Friday, January 27, 1888
Thomas Carillon set down his teacup as he watched his cat, Gracie, lift up from his lap in a black and white ruffle of fur, her ghost puff. She had sensed a presence. He sighed. Ghosts never respected his privacy. He enjoyed helping them, but sometimes they demanded attention—usually when he wanted to be alone in his drawing room. “Is it more Confederates? I’m so tired of goddamned Confederates. It’s always ‘what did I die for’ and telling them, ‘not a damn thing’ doesn’t send them off to the Great Beyond.”
Thomas smoothed Gracie’s rumpled coat. It was thick and wispy at the same time, too short to call long and too long to call short. Consequently, the only time it laid flat was when Thomas sleeked it back with his hand, and then it only stayed down for a few seconds. This excited burst of hair, of course, was different. Gracie’s ghost puff. He was the medium, true enough, but Gracie always saw ghosts first, and it was this distinctive puff of hair and body that announced every spectral visitor to Carillon House.
“Show yourself, spirit. I sense your presence and will endeavor to listen to your tale.” He left out that Gracie was truly the one who sensed the specter’s presence. Gracie, for all her intuitiveness, couldn’t speak to ghosts. That was his talent.
This spirit didn’t have the distrust or sudden coyness displayed by most of the ghosts who called on him. This one appeared right beside the arm of his wingback chair. She flickered, wan and bloodless. His breath caught in his throat, and his chest tightened. Seeing a spirit rarely triggered one of his asthma attacks anymore, but the ones who had suffered terrible injuries still affected him.
“You are Mister Carillon?” asked the girl. He didn’t usually see child ghosts. Something about them, perhaps their innocence, allowed them to cross over without all of the problems that burdened adults and kept them bond to the realm of the living.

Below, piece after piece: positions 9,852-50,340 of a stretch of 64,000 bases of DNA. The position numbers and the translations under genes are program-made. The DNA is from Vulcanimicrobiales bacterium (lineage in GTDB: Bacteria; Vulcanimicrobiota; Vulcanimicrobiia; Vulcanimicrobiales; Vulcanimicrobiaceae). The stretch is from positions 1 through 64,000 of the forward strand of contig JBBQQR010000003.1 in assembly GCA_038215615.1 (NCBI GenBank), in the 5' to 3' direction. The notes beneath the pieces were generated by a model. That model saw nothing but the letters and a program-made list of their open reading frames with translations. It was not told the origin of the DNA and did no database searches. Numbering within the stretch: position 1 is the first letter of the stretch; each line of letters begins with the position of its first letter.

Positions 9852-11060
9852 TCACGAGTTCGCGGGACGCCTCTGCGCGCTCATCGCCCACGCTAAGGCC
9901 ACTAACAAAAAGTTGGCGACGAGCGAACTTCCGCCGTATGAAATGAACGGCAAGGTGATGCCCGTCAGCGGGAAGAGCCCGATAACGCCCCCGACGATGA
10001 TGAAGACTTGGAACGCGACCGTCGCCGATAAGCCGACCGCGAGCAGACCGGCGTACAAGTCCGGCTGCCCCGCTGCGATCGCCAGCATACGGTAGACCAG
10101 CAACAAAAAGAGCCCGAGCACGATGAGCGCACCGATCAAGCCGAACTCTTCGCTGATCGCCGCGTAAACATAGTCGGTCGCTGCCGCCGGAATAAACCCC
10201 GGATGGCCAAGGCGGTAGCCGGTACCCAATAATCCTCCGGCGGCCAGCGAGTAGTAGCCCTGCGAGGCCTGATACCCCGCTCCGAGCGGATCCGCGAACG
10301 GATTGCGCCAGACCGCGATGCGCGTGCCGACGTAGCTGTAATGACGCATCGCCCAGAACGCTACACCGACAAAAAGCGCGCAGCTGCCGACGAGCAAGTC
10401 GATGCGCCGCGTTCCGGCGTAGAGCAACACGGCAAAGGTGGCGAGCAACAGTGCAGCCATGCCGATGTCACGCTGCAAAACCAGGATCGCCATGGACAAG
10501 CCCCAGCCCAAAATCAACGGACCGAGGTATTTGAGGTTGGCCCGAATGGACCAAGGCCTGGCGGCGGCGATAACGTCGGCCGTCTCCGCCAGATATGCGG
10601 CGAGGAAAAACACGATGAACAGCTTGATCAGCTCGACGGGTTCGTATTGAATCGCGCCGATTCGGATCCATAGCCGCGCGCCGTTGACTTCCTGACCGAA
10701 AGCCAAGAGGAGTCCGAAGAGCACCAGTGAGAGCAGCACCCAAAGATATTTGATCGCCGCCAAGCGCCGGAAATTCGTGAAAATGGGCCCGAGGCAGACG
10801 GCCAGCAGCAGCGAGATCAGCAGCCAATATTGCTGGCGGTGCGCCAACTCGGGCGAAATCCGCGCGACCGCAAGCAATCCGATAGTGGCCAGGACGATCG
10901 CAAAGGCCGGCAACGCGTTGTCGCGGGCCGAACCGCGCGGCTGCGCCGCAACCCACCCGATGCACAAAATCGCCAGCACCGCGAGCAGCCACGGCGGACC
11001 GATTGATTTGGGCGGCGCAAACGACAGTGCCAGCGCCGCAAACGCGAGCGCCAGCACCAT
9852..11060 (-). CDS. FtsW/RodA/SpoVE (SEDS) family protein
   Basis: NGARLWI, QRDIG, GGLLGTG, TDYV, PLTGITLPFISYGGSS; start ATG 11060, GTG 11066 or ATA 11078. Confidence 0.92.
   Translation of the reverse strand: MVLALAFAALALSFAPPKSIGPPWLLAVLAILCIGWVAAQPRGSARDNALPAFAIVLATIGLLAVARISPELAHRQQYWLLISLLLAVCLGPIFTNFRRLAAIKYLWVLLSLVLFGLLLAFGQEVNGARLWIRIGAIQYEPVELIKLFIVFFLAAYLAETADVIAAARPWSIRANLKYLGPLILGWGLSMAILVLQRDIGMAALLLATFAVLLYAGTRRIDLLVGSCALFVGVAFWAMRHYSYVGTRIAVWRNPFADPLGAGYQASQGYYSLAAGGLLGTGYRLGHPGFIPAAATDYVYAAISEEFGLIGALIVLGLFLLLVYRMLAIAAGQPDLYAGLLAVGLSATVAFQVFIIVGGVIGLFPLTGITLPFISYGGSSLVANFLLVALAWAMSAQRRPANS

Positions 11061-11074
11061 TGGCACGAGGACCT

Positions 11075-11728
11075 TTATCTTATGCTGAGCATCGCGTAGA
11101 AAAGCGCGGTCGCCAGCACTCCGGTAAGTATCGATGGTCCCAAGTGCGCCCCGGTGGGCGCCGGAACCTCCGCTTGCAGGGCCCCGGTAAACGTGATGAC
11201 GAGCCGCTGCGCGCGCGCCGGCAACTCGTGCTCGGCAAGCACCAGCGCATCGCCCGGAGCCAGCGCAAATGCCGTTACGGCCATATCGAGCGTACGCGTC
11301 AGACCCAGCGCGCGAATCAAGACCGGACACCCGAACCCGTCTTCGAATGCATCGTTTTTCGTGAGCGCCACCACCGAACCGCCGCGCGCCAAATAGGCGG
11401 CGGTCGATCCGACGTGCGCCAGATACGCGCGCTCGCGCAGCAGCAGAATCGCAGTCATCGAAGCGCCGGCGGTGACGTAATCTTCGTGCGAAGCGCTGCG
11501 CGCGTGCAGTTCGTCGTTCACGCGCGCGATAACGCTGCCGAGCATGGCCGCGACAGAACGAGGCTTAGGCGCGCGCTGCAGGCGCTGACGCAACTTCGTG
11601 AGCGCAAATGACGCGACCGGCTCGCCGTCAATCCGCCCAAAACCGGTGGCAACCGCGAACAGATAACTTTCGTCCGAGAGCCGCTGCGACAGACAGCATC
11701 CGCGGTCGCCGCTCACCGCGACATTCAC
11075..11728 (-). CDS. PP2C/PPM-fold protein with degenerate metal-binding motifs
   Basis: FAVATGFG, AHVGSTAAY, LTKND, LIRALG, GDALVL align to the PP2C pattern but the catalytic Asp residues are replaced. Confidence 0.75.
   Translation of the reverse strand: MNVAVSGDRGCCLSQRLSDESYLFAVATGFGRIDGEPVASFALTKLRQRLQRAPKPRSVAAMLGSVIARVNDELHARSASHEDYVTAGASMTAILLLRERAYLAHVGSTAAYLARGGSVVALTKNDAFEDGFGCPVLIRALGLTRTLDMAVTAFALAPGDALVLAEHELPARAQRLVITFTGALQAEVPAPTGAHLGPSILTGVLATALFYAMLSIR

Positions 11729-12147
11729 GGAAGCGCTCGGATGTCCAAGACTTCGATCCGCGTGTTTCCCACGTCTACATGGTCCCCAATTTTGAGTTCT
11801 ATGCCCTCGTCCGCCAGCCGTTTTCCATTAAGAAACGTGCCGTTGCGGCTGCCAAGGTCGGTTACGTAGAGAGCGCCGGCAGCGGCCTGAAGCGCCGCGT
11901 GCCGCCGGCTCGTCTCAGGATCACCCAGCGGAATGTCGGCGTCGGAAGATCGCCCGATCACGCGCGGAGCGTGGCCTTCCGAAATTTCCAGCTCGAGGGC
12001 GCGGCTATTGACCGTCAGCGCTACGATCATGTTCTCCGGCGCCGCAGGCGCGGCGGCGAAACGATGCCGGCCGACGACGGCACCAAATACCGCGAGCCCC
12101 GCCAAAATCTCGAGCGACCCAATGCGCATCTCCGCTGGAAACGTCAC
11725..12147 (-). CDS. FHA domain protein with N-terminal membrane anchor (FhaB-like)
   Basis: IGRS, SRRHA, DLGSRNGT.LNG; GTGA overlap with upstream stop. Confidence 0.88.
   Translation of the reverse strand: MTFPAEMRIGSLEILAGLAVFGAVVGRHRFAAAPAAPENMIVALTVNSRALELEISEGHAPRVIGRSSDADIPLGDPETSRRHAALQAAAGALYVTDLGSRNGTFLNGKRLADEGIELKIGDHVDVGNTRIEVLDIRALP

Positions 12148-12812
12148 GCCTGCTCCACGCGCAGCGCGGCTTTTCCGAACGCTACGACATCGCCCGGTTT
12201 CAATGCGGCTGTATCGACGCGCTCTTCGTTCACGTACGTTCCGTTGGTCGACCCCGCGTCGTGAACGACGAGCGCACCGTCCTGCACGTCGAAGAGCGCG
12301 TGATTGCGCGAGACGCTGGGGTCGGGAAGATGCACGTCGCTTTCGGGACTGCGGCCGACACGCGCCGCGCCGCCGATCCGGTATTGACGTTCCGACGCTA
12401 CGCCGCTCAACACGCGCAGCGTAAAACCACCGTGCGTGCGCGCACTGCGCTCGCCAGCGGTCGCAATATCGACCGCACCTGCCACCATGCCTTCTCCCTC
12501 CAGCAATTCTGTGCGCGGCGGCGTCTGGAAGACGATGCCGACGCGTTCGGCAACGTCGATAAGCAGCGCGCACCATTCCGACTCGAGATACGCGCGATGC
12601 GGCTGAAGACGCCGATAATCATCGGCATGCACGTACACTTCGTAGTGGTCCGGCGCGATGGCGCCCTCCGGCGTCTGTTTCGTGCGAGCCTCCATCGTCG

She looked about five years old with duckling blonde hair done up in curls atop her head and crowned with a large red bow. Dirt and blood-stained white lace gloves were the only article of clothing she wore. She held her bowels in her arms as if cradling a large bouquet.
“Yes. Yes, I’m Mr. Carillon. Please, call me Thomas.” He tried to right himself. Whatever had happened to this child, he knew she meant him no harm. People were scared of ghosts, but the most fearful beings wore flesh and skin flushed with blood. “What is your name, my child?”
“Rebecca. The pretty painted ladies told me to come here.”
The whores. All of the whores liked him. They knew he wasn’t like the men who plagued them in life. Homosexuals spent as little time as possible with naked females—and they certainly didn’t pay to do so. He had helped some cross over and entertained with the others. A number of them didn’t want to cross over, content to haunt men and make them impotent or help him impress rich old women at séances.
“Rebecca. That’s a lovely name.” He could have used a sip of tea, but Rebecca’s condition made his stomach shiver. “What brings you to seek me out?”
“I like your cat.”
“Do you? Thank you. Yes, she is a rather nice cat.”
“What’s her name?”
He was thankful most children crossed over. He wasn’t accustomed to dealing with them. He hadn’t understood them even when he was one. At twenty-three, he should have been starting his own family, but he didn’t call on women. He knew they wouldn’t have wanted to marry him even if he had courted one. The two his mother had tried to collect for him had practically run away. “Her name is Gracie.”
Rebecca giggled, holding twists of guts as easily as she might lift a skirt. “That’s a funny name for a cat!”